Aschenbrenner, Diane S. MS, RN
Diane S. Aschenbrenner recently retired as course coordinator for undergraduate pharmacology at Johns Hopkins University School of Nursing in Baltimore, MD. She also coordinates Drug Watch : email@example.com.
* Umeclidinium and vilanterol inhalation powder (Anoro Ellipta) is a new drug for treating chronic obstructive pulmonary disease.
* It's used once daily for long-term maintenance and cannot be used to treat acute bronchospasm or asthma.
* As a combination of an anticholinergic and a long-acting b2-agonist, Anoro Ellipta carries the same warnings regarding drug–drug interactions and adverse effects as other drugs in those classes.
The Food and Drug Administration (FDA) has approved a new drug, umeclidinium and vilanterol inhalation powder (Anoro Ellipta), for the treatment of chronic obstructive pulmonary disease (COPD). Anoro Ellipta is used once daily for long-term maintenance; it cannot be used during an acute exacerbation of COPD, such as acute bronchospasm.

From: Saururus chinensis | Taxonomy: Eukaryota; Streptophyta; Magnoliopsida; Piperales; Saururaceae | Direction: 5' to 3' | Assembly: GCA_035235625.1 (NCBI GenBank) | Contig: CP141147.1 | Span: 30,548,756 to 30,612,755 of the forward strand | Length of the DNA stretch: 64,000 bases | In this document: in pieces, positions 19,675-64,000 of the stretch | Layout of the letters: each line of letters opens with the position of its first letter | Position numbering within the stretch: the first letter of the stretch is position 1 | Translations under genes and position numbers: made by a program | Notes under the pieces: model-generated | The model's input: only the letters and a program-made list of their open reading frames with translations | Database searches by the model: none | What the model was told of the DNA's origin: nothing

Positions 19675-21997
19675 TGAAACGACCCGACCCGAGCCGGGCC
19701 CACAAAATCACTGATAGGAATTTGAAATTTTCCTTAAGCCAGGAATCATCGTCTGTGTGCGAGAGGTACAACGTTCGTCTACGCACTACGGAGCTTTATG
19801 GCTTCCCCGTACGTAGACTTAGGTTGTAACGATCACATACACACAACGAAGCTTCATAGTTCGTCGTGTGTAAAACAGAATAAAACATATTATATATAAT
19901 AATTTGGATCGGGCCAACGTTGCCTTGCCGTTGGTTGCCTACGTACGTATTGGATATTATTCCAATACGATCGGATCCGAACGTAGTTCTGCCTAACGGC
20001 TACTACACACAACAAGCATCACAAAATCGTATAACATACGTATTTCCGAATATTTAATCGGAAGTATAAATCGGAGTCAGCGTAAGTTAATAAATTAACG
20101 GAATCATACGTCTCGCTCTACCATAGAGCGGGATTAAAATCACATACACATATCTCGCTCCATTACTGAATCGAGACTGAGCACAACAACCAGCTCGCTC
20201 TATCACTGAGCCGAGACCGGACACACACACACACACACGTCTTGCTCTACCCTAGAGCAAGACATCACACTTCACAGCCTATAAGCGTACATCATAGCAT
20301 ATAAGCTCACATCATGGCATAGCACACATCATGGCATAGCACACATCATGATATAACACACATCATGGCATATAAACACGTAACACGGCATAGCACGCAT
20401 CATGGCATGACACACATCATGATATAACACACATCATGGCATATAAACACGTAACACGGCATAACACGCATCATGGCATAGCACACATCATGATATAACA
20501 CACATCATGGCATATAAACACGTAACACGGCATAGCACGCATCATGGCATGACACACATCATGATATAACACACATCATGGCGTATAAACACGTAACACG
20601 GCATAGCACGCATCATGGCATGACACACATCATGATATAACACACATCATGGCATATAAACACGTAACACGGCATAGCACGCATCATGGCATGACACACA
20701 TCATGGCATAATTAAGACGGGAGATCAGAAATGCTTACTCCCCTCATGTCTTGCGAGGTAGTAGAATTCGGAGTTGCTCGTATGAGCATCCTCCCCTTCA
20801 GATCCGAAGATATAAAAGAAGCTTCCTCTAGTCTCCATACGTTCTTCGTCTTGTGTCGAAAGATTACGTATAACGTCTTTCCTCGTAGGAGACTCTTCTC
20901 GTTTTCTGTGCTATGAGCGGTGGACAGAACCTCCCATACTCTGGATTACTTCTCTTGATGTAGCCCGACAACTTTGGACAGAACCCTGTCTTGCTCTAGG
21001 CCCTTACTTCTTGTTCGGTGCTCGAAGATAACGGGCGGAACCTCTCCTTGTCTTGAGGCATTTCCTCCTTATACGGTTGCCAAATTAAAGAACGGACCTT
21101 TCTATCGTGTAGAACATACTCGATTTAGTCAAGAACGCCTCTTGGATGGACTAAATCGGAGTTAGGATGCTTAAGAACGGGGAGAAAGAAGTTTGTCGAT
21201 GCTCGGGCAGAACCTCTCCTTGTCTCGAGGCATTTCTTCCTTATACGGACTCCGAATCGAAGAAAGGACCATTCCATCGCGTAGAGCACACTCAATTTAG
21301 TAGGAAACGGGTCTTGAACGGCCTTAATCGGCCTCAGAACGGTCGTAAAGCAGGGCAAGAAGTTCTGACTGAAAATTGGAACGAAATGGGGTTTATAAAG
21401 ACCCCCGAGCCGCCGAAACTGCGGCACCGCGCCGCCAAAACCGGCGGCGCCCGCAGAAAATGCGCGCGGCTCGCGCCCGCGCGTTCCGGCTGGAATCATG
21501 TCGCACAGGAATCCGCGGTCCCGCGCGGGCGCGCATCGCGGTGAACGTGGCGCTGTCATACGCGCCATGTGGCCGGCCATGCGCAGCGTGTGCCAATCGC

Umeclidinium is an anticholinergic; it blocks the effects of acetylcholine, which prevents stimulation of the parasympathetic nervous system, thereby helping the muscles around the large airways to relax and preventing bronchoconstriction. Vilanterol is a long-acting b2-agonist (LABA) that stimulates the sympathetic nervous system. b2-receptors are located primarily in the lungs; stimulation of these receptors produces bronchial dilation and greater depth of respiration. Drugs like vilanterol, which specifically target b2-receptors, have minimal effect on the cardiovascular system in most patients, despite being sympathomimetics.
As with all LABAs, Anoro Ellipta's labeling carries a boxed warning that the drug increases the risk of asthma-related death. The warning is based on studies of the LABA salmeterol, and the risk is considered a class effect of LABAs. The safety and efficacy of Anoro Ellipta haven't been established in patients with asthma, and the drug isn't approved for use in such patients. Anoro Ellipta is contraindicated in patients with severe hypersensitivity to milk proteins because the product contains lactose.